Monday, March 28, 2011

Violent demonstrators: "We are not UK Uncut"

There have been many stories in the press over the past 24 hours suggesting some sort of link between the excellent UK Uncut and the violent actions in London on Saturday 26th March. Here is our take on what we saw during the course of that afternoon, which we attended.

TJN took part in the TUC march, which was a great success. The top photograph conveys a sense of the glorious carnival of colour, music and general good-naturedness of this major event.

In mid-afternoon (14h00) we went to Oxford Street to witness events in and around that street. We saw several stores closed down by UK Uncut activists, or which had simply closed in anticipation of UK Uncut actions. All peaceful and good-humoured. This picture we took outside Dorothy Perkins reflects what we witnessed, which, BTW, is consistent with the article filed by The Independent newspaper about what they saw at Fortnum & Mason on Piccadilly:
"While groups such as Black Bloc were smashing windows on Oxford Street, UK Uncut members were reading books in groups on the floor and tucking into home-made sandwiches."

However, when we reached TopShop at Oxford Circus a quite different atmosphere was evident. The store front had been damaged and many police has been splattered with paint. Nothing too bad, but not consistent with what was happening elsewhere under the UK Uncut banner.

A large crowd had gathered at the Circus itself, and although the atmosphere at that stage (15h30) was largely peaceful and good humoured, we did see one group who appeared to be marshalling the crowd to some kind of rampage. We asked them what their plans were and whether they were associated with UK Uncut, and one of their number, who seemed to be taking charge of their actions, replied quite simply "We are not UK Uncut."

It was clear, to us at least, that infiltrators were piggy-backing off peaceful events organised by UK Uncut, and were intent on very different kinds of actions. Worse, after speaking with this character below (dressed as the hero of the dystopian thriller film V for Vendetta), who told us direct that "tax is theft" and he supported Philip Green's tax avoidance, at least some of the people present at Oxford Circus were radically opposed to UK Uncut, instead pushing a libertarian position from the right: anti-tax, anti-state, and supportive of tax cheats. While clearly in a minority, we were left with a strong impression that attempts were being made to provoke people in the crowd.

The situation was clearly very messy and deteriorating, so we left.

P.S. Verso have published this interesting blog by Dan Hind, author of The Return of The Public. Police acting as agent provocateurs? In Britain? Surely not! Sadly we have witnessed exactly this type of thing at other events - including the UK Uncut events at TopShop on Oxford Street on 18th December 2010 - so we find Dan's blog plausible. Do watch the BBC footage he links up to.


Anonymous Anonymous said...

This is one guy who is a libertarian called Old Holborn who enjoys winding up the Left - best completely ignored - here is him - - I would be vastly shocked if he had more than two buddies there, much less a large crowd. Those outside not associating with UKUncut were likely anarchists of a communist bent, filtering in an out of the black bloc.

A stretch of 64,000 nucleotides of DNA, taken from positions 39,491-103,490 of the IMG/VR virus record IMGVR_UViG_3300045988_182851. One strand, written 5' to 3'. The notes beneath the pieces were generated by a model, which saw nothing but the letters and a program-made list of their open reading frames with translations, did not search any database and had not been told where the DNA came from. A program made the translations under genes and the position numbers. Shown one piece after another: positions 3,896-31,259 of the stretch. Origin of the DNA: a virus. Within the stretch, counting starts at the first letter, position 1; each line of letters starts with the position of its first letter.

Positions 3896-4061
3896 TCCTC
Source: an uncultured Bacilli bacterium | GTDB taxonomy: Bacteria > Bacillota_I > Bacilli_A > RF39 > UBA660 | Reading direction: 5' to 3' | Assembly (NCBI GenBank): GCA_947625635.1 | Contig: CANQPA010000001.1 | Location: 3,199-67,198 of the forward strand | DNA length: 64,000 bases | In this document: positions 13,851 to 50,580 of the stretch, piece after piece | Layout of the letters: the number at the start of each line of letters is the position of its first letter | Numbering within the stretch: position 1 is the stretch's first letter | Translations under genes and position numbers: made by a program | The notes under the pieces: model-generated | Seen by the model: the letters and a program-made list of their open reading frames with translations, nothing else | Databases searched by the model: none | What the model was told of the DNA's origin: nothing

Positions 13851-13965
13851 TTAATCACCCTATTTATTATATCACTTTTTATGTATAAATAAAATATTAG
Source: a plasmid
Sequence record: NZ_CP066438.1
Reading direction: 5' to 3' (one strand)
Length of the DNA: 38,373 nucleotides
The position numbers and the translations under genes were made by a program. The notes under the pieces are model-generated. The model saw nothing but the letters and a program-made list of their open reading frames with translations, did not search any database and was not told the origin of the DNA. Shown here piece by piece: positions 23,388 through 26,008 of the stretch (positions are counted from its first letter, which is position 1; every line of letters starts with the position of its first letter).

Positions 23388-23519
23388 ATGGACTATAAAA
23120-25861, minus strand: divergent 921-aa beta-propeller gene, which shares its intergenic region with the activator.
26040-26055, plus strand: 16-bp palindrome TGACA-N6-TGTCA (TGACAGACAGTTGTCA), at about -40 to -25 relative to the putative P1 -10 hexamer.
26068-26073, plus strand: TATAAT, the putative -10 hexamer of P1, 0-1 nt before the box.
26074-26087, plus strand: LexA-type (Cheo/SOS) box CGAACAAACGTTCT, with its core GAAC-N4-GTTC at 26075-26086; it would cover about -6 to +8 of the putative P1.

4:33 am  
Blogger wirplit said...

Actually you dont say what time you left but I think from what you say it was before 3PM. When we got to Oxford Circus the whole crossroads was in the hands of the demonstrators and while the police were in front of Topshop everything was quite peaceful. In fact I saw tourists having their picture taken as they stood beside the bemused riot police. By then there were drums, dancing and shoppers all co-mingled and wonderfully no traffic. In fact it seemed like a large street party. Lots of shops were still open and acting normally. I thought the police policy of standing back was admirable. So different from how they behaved at the G20. Even when a bonfire got lit when they set fire to the fabric Horse in the crossroads the feeling was calm exhilaration.

We left at around 5.30pm and strolled down to Bond St had a meal and then walked back up to see bonfire still burning and same easy going feeling. In fact despite walking from there down to Piccadilly where a group of Italians were singing revolutionary songs and onto Trafalgar Square we managed to somehow miss all the violence so widely featured on the news.

5:23 am  
Anonymous Anonymous said...

Can you please tell us what action you are taking in regard to the Guardian Media Group who avoid paying substantial tax on offshore investments in the Cayman Islands, including any journalism or other research you have conducted into the matter?

Given your credentials as an international and politically non-aligned organisation, committed to transparency and disclosure, I look forward to reading your response to this request for information.

Many thanks.

5:59 am  
Blogger Demetrius said...

This looks like the blogger oldholborn dot net.

8:58 am  

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